- The type of charge and nature of the offence, i.e., what the person is accused of doing.
- Potential danger to society or the accused’s alleged victim.
- The likelihood that the accused will come to court when required.
- The accused’s previous criminal history, including convictions for violating bail or probation rules in Canada.
- The likelihood the accused will commit another crime if released.
- How society would feel about the justice system if the accused were granted bail considering the allegations against them.
The Defence lawyer representing the accused in a bail hearing will usually have a release or bail plan to address the Crown’s or the court’s concerns if the accused is released on bail. That plan will likely speak to:
- Where the accused will live.
- Where the accused works or goes to school.
- How the accused will manage their court dates and be in court when needed.
- The accused’s ability and willingness to abide by any conditions the court imposes.
- Any counselling or therapy the accused will participate in to address issues like substance abuse and anger management.
- Who is available to supervise the accused to ensure they obey their bail conditions, don’t break any laws, and go to court when they’re supposed to, i.e., a who can act as a surety, if needed (more information below).
The judge or justice of the peace will grant bail if they are satisfied that the accused will come to court, follow their conditions, not break any other laws or be a danger to the community and that society would not lose confidence in the justice system if the accused were released given the circumstances of the case.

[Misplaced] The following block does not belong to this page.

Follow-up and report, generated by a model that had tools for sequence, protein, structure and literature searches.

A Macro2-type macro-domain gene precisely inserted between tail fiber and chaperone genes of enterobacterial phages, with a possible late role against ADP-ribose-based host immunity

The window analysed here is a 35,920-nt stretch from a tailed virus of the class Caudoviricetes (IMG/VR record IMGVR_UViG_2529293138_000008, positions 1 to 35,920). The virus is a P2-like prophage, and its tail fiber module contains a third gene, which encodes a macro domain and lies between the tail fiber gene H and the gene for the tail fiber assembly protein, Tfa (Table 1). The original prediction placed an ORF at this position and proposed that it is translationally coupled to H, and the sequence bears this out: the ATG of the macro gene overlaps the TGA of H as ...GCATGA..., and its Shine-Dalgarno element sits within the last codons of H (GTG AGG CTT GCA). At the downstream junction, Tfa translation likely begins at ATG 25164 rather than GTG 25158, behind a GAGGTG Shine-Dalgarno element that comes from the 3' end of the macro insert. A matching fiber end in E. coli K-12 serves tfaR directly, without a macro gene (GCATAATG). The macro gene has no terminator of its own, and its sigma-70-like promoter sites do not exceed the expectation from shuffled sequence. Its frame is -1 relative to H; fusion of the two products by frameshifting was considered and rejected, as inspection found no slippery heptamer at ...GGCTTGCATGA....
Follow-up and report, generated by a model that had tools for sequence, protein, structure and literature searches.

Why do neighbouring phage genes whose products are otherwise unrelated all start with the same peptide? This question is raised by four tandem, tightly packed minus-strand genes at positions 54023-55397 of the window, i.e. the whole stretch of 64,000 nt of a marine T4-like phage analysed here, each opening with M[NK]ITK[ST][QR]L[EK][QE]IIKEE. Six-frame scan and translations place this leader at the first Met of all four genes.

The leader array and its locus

To reduce the risks to the community, the judge or justice of the peace will often grant bail with conditions the accused must obey or risk being re-arrested and charged with breaching the order. These conditions can include:
- A curfew.
- An order not to drink or use drugs.
- An order not to contact their co-accused.
To further reduce the risks to the community, the court will often grant bail on the basis that the accused has a friend or family member who is willing to act as a surety.
What is a Surety?
A surety is someone who agrees to supervise the accused and undertakes the following responsibilities:
- Making sure the accused comes to court on their scheduled court dates.
- Monitoring the accused to ensure they follow all their bail conditions and don’t commit any criminal acts.
- Calling the police if the accused disobeys any of the conditions.
The surety also agrees to pay an amount of money set by the court if the accused breaches their bail order. To be a surety, a person must:
- Know the accused.
- Be over 18 years of age.
- Be a Canadian citizen or Landed Immigrant.
- Not have any involvement in the case.
- Own some property such as a home, car, financial investments, etc.
If an accused doesn’t know anyone who can act as a surety for them, they may be able to use a bail program if one is available in the courthouse. Bail programs have rules about who they accept and offer supervision of the accused in place of a surety.